In some respects, bringing home a new puppy is like bringing home a tiny newborn human baby. Chihuahuas, like many other toy breeds, may be susceptible to a form of low blood sugar called hypoglycemia.
You probably won't experience low blood sugar (with your particular puppy) but, in the event that you do, it's an emergency. Small dogs, especially chihuahuas have a very small fat reserve around the liver. When they get stressed for some reason, (like going to a new home) or if they play too hard (using a lot of energy), or miss a meal, the fat reserve is used up and the body will start to draw on the blood sugar for energy. If this condition goes unchecked, the puppy will grow weaker until it falls into a coma and eventually dies. The good news is that your puppy should outgrow this phase by 16 weeks of age. Your goal as a new owner, is to keep the puppies stress level as low as possible during this critical period.
Often, the most dangerous period of time is between 7-10 weeks old because this is when the puppies are being weaned. Also, the immunities that the puppy was getting through it's mother's milk drop off around 9 weeks of age and that will increase it's vulnerability to virus and bacteria. During this time the puppy is being weaned, bathed, toenails clipped, and sometimes sent to a new owner. All together these factors make for a stressful time for the little dog. Some puppies breeze through this period and others have problems.
Signs of hypoglycemia may vary. Some dogs get a forlorn look on it's face and then become inactive. Next they will stagger and eventually fall down and fall into what looks like a false sleep. This sleep-like coma will turn into teeth clenching seizures and spasms followed by a comatose condition and eventually death. Not all symptoms may be present at the same time. Watch for lack of coordination or lethargic behavior along with pale gums. If your puppy seems too sleepy, stand him up and make sure he can stand and walk normally. You can also check their gums for lack of color, which is another typical sign. If he lies back down, falls or staggers, then get some sugar into him right away. Most people use Nutristat or Nutrical mixed with a few drops of water. You then syringe it into the puppies mouth being careful not to release it all at once. While you are doing this you can heat a bathroom towel in the microwave for about 45 seconds and wrap it around your pup. This helps them maintain their body temperature and will bring it back up if it has begun to fall. If you are unsure on how to proceed, then contact your breeder and/ or your veterinarian.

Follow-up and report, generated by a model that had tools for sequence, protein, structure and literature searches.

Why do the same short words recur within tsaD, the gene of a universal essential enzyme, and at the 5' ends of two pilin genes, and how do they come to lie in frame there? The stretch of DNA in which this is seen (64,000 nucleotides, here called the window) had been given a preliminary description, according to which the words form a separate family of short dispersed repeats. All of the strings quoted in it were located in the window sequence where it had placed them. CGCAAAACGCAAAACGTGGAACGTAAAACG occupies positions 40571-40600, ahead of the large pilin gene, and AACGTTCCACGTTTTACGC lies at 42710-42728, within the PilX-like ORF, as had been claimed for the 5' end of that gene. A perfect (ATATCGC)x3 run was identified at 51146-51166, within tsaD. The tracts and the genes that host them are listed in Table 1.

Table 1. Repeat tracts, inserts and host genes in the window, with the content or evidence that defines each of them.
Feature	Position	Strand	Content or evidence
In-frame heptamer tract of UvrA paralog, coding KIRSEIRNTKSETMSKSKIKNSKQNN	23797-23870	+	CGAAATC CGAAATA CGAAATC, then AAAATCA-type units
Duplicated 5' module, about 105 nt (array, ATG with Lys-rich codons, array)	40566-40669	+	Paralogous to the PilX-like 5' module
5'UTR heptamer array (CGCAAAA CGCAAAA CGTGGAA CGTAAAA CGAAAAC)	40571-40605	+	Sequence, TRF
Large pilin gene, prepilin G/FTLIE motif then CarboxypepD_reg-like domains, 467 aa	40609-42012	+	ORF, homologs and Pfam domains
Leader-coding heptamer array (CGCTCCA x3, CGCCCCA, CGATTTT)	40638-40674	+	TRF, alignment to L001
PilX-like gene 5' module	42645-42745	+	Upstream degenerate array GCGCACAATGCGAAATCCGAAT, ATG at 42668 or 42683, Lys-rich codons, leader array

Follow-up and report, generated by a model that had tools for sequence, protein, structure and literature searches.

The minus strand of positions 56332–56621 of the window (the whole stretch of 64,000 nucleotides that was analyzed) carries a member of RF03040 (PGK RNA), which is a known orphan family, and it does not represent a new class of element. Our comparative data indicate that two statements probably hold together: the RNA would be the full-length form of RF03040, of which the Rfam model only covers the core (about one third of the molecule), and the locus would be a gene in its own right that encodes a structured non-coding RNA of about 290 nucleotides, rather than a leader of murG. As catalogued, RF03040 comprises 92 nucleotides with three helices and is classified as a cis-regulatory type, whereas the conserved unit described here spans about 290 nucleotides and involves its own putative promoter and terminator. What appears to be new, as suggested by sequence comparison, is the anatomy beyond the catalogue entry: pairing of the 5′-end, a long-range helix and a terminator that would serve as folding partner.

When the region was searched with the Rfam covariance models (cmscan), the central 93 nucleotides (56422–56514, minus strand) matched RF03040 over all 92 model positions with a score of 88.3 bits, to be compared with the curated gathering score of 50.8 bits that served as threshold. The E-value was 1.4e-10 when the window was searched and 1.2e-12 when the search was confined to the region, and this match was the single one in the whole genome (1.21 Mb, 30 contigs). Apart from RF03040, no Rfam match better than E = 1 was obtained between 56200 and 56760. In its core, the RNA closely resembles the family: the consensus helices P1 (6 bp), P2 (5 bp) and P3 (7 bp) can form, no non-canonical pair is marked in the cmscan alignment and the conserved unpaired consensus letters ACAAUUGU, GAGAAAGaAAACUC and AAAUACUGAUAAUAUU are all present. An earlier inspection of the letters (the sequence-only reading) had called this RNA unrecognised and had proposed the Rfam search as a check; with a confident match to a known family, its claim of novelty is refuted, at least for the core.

Hypoglycemia is seen most often in smaller chihuahua puppies but I caution all new puppy owners to be on the look out for any of these symptoms. Once you take your new puppy home, it is your job to be their "Guardian". While hypoglycemia poses a danger to young puppies, it can be easily treated if caught early enough.